And also, the recovery of New Orleans after the Federal Flood (which fueled the factory) is set in motion. It isn’t complete but, there is certainly a notion that it doesn’t need to BECOME something now that it IS something. For better or worse it’s under way in its current form. And there is nothing The Chicory is going to do now that it didn’t do in the past in hopefully some small way.

So while the ideas are certainly not in any sort of era of austerity, the usefulness of The Chicory isn’t the same as it used to be. This conveyor belt is being refitted.

I used to have a strict “all New Orleans,” rule here. I didn’t think anyone cared about the personal mind farts of my life and I didn’t blog about that. If I did, I made sure I showed that it tied into some bigger picture somehow. At least I tried to. The Chicory was essentially a “recovery blog.” One of many and they were all fucking beautiful. Amazing factories churning out and distributing exquisite ideas about exactly what New Orleans needed to be after the storm. And I am glad the answer was, “as close to what it was before as possible.”

I think it’s safe to expand now. What R&D has come up with is to process products from the factory that deal with humanity. Humanity right now. How a factory can process its ideas. What those are. How being “spiritual” should really mean being “human.” Not the idealized human but the real human. How we fit in here.

I am going to try and make some art that fits the theme of blog posts as sort of a visual component as well.

And if anyone has ever heard me speak, it’s will unfortunately be profane. I fit into the Universe by being the son of a sailor and a social worker. Both of who in other lives were a mechanic and a waitress. So I’m never going to be able to shake that necessity to take things right down to their filthy base. Where sometimes they belong. We do come from the dirt you know. The flowers in the Spring come from the dead.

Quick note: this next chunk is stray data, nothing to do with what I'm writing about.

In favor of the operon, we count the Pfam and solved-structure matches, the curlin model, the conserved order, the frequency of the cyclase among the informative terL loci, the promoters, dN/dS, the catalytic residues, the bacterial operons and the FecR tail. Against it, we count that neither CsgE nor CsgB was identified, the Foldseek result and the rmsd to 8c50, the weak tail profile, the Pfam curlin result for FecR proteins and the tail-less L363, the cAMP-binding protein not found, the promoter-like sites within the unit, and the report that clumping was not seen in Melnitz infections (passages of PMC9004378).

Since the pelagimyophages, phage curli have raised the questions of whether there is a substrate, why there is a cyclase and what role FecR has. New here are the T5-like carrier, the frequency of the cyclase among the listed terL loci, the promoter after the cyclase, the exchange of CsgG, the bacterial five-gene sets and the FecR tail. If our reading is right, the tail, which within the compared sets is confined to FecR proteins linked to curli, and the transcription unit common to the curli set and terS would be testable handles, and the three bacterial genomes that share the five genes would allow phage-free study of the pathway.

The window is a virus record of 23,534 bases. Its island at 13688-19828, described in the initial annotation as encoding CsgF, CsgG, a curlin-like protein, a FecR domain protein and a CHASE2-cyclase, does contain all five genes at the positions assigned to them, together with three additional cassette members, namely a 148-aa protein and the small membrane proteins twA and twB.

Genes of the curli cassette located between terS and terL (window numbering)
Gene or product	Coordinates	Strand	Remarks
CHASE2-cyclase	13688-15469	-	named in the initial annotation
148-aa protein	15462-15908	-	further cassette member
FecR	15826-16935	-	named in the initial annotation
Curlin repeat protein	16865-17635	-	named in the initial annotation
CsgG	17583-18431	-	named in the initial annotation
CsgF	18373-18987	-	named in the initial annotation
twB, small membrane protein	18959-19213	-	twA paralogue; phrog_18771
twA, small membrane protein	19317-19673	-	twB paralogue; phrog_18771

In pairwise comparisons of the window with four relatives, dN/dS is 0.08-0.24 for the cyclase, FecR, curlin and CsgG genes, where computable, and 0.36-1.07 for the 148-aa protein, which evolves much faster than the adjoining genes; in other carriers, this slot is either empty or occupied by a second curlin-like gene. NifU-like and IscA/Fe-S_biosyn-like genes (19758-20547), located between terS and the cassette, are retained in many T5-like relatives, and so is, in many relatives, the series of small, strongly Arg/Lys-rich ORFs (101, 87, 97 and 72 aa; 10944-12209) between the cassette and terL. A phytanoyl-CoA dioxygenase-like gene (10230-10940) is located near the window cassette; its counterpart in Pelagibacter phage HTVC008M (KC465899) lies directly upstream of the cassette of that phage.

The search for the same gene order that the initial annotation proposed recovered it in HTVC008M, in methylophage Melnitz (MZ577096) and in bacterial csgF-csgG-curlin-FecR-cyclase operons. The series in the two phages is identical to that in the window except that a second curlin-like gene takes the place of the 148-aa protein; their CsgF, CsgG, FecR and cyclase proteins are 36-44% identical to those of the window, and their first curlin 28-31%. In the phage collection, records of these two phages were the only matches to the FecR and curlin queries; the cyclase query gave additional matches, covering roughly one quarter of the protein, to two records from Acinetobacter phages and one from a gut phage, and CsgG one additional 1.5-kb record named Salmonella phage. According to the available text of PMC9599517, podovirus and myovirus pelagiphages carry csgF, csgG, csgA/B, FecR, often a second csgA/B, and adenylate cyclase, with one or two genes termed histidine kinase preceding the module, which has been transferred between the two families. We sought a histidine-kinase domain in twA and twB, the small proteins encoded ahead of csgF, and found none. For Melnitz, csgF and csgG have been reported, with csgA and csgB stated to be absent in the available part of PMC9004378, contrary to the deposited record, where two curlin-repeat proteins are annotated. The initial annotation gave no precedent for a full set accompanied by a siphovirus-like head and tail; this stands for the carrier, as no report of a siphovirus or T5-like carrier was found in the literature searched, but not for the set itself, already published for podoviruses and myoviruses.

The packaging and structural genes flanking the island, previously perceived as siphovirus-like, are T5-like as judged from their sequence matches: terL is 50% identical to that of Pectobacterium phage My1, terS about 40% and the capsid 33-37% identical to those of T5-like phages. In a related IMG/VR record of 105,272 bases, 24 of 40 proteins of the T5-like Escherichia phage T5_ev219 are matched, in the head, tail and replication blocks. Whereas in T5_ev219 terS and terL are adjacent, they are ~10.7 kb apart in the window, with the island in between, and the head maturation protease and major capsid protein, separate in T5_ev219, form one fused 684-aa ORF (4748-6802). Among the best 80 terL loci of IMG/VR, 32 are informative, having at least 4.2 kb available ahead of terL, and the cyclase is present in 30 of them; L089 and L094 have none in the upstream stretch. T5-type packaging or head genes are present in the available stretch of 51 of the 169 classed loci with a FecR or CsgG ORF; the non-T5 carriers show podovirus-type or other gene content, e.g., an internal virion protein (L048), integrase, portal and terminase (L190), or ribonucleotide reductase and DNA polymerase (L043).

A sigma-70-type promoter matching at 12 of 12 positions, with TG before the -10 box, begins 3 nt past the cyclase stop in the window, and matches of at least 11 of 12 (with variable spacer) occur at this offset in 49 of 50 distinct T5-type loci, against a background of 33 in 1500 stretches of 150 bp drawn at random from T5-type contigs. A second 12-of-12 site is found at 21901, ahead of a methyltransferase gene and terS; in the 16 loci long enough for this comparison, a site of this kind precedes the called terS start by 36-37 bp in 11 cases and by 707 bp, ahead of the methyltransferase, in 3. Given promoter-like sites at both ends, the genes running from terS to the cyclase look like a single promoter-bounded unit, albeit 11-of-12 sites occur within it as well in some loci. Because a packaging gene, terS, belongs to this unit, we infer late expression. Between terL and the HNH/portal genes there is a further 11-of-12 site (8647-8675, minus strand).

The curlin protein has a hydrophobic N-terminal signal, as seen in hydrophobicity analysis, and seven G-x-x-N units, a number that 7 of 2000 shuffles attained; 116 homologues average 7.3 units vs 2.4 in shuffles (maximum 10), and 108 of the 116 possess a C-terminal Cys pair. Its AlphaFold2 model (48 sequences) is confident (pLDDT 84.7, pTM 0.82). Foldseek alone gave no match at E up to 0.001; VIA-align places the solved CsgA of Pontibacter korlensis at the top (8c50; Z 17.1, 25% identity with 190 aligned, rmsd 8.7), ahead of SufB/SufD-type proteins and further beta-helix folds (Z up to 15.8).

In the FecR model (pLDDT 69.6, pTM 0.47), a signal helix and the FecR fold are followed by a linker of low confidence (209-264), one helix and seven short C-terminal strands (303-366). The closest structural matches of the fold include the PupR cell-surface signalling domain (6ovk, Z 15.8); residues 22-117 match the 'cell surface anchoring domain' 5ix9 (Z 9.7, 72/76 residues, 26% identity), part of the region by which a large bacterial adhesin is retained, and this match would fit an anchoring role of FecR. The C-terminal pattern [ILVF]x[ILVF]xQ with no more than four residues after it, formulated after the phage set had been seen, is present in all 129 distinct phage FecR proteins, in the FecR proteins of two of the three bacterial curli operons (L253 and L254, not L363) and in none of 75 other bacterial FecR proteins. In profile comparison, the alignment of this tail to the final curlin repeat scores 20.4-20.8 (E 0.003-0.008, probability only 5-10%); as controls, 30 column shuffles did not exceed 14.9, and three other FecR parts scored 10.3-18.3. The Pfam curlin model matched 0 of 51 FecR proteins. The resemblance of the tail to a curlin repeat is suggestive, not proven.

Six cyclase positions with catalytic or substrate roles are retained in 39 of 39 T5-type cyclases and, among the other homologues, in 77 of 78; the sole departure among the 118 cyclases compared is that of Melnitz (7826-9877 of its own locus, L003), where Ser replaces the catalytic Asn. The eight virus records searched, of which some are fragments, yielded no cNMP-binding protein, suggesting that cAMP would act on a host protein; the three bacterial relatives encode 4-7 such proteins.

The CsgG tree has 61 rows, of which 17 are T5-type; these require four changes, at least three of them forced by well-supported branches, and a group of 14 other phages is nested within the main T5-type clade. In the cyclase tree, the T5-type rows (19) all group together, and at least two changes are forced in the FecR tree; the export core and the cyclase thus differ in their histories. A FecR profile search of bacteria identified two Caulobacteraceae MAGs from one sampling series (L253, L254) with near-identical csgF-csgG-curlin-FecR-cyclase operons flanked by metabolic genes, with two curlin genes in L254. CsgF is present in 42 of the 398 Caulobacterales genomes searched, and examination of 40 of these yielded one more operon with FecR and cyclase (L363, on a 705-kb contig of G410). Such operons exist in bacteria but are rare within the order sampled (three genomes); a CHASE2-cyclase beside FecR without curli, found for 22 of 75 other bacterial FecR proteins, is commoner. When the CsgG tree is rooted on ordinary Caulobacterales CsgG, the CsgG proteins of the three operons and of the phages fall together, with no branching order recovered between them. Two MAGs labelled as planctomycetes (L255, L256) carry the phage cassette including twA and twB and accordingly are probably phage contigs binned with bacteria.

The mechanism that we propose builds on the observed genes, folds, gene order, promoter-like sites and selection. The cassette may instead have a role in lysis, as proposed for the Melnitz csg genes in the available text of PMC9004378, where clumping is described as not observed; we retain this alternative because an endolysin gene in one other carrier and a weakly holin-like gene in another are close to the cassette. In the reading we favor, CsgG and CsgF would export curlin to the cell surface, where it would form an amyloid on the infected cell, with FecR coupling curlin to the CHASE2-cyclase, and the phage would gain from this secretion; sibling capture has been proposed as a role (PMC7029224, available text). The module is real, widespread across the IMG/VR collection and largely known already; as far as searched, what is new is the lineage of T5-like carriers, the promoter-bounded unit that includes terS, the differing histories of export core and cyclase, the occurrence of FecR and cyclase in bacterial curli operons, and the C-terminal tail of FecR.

As a lover of the absurd nature of The Universe I promise not to take myself to seriously. Though, I certainly will at times.

So The Chicory is going to be about being human. And more importantly, human in New Orleans.

New Orleans trees show nation’s steepest dropoff

The tree count for my street…

When I first bought my house there was a huge, old, dead, crepe myrtle in the back of it that was among the first things to go. For three days, I hacked and chopped at it’s solid branches and pulled at the limbs until it was just a stump.

-1 (-1)

A few months later, Katrina blew through and knocked down a termite infested pine next door onto my shed (which was a piece of crap anyway).

-1 (-2)

I had a guy with a Bobcat come in and haul everything away and lay down some dirt. Some time later, romy and I planted a Willow, a Fig and a citrus tree.

+3 (+1)

The citrus developed a fungus and died.

-1 (0)

I took a piece of the Willow and grew roots from it in a glass of water and transplanted it to a pot and then to the neighbor’s yard across the street.

+1 (+1)

I got a Meyer Lemon tree from a client down in Plaquemines Parish and planted it in the front yard where it’s doing well. This client also told me the one in the back probably died because it was in partial shade.

+1 (+2)

If anyone wants a baby Willow just let me know. They are beautiful trees with a majestic sway and can be easily grown from branches. Don’t plant them near plumbing as they are known to squeeze the lines for water. They are also great for making wreathes and baskets and such.They don’t live very long unfortunately, usually about 40 years. I have looked for the one Jack Kerouac said was in William S. Burroughs yard here in Algiers and don’t see it so I assume it’s gone.

I should add that in this time period a man cut down three very tall, old pines that were in the lot behind me in hopes of putting a double rental property with no off street parking but we complained to the city and he hasn’t built yet.